OATAO - Open Archive Toulouse Archive Ouverte Open Access Week

Modelling solute transport in the brain microcirculation: is it really well mixed inside the blood vessels?

Berg, Maxime and Davit, Yohan and Quintard, Michel and Lorthois, Sylvie Modelling solute transport in the brain microcirculation: is it really well mixed inside the blood vessels? (2020) Journal of Fluid Mechanics, 884 (A39). 1-43. ISSN 0022-1120

[img]
Preview
(Document in English)

PDF (Author's version) - Requires a PDF viewer such as GSview, Xpdf or Adobe Acrobat Reader
1MB

Official URL: https://doi.org/10.1017/jfm.2019.866

Abstract

Most network models describing solute transport in the brain microcirculation use the well-mixed hypothesis and assume that radial gradients inside the blood vessels are negligible. Recent experimental data suggest that these gradients, which may result from heterogeneities in the velocity field or consumption in the tissue, may in fact be important. Here, we study the validity of the well-mixed hypothesis in network models of solute transport using theoretical and computational approaches. We focus on regimes of weak coupling where the transport problem inside the vasculature is independent of the concentration field in the tissue. In these regimes, the boundary condition between vessels and tissue can be modelled by a Robin boundary condition. For this boundary condition and for a single cylindrical capillary, we derive a one-dimensional cross-section average transport problem with dispersion and exchange coefficients capturing the effects of radial gradients. We then extend this model to a network of connected tubes and solve the problem in a complex anatomical network. By comparing with results based on the well-mixed hypothesis, we find that dispersive effects are a fundamental component of transport in transient situations with relatively rapid injections, i.e. frequencies above one Hertz. For slowly varying signals and steady states, radial gradients also significantly impact the spatial distribution of vessel/tissue exchange for molecules that easily cross the blood brain barrier. This suggests that radial gradients cannot be systematically neglected and that there is a crucial need to determine the impact of spatio-temporal heterogeneities on transport in the brain microcirculation.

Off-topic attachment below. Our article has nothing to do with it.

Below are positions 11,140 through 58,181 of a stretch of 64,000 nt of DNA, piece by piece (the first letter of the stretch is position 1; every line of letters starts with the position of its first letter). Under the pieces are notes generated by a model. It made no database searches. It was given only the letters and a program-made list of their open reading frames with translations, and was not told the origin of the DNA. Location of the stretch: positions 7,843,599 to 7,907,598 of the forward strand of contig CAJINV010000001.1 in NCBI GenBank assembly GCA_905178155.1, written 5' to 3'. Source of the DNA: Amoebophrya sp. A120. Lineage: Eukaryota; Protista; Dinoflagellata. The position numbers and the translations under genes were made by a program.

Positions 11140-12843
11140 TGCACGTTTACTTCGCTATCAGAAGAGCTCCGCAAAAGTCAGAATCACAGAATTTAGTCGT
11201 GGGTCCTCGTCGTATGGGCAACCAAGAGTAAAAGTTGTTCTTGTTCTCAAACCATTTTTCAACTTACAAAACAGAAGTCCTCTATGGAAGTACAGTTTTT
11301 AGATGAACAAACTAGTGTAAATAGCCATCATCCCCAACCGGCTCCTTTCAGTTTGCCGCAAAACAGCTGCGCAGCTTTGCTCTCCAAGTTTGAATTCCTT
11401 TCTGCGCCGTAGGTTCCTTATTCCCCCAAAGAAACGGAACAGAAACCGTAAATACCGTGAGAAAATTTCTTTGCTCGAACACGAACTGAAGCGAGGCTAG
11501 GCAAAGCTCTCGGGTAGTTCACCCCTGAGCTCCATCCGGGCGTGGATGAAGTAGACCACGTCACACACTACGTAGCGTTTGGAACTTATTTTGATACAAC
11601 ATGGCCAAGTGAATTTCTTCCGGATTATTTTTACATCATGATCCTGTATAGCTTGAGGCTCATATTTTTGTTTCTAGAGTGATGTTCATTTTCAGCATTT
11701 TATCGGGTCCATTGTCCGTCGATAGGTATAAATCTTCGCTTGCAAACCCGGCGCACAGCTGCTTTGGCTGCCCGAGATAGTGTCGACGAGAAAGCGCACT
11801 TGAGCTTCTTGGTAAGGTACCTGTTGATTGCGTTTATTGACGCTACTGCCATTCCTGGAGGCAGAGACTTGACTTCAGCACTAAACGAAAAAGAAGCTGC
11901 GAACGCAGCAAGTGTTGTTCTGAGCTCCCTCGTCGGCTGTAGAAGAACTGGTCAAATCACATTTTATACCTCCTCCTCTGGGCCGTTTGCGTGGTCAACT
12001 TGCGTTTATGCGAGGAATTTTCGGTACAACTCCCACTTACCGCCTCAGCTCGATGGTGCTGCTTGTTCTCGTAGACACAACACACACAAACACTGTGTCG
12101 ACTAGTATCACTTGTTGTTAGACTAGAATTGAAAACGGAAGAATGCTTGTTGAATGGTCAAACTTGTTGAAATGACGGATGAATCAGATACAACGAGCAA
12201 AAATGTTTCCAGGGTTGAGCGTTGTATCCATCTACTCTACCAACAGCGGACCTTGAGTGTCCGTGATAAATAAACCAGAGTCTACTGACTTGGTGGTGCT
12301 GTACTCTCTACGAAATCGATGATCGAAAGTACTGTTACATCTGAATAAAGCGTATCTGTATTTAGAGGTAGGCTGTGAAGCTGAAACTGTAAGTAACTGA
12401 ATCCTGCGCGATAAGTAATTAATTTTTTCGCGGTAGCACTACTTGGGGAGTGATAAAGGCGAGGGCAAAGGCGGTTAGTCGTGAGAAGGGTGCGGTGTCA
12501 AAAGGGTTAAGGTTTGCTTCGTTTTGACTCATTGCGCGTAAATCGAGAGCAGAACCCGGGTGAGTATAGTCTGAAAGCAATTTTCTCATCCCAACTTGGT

Item Type:Article
Audience (journal):International peer-reviewed journal
Uncontrolled Keywords:
Institution:French research institutions > Centre National de la Recherche Scientifique - CNRS (FRANCE)
Université de Toulouse > Institut National Polytechnique de Toulouse - Toulouse INP (FRANCE)
Université de Toulouse > Université Toulouse III - Paul Sabatier - UT3 (FRANCE)
Laboratory name:
Funders:
ERC BrainMicroFlow GA615102 - NIH NCI IMAT R21CA214299 - CALMIP (Grant 2016-P1541)
Statistics:download
Deposited On:20 Dec 2019 10:06

Repository Staff Only: item control page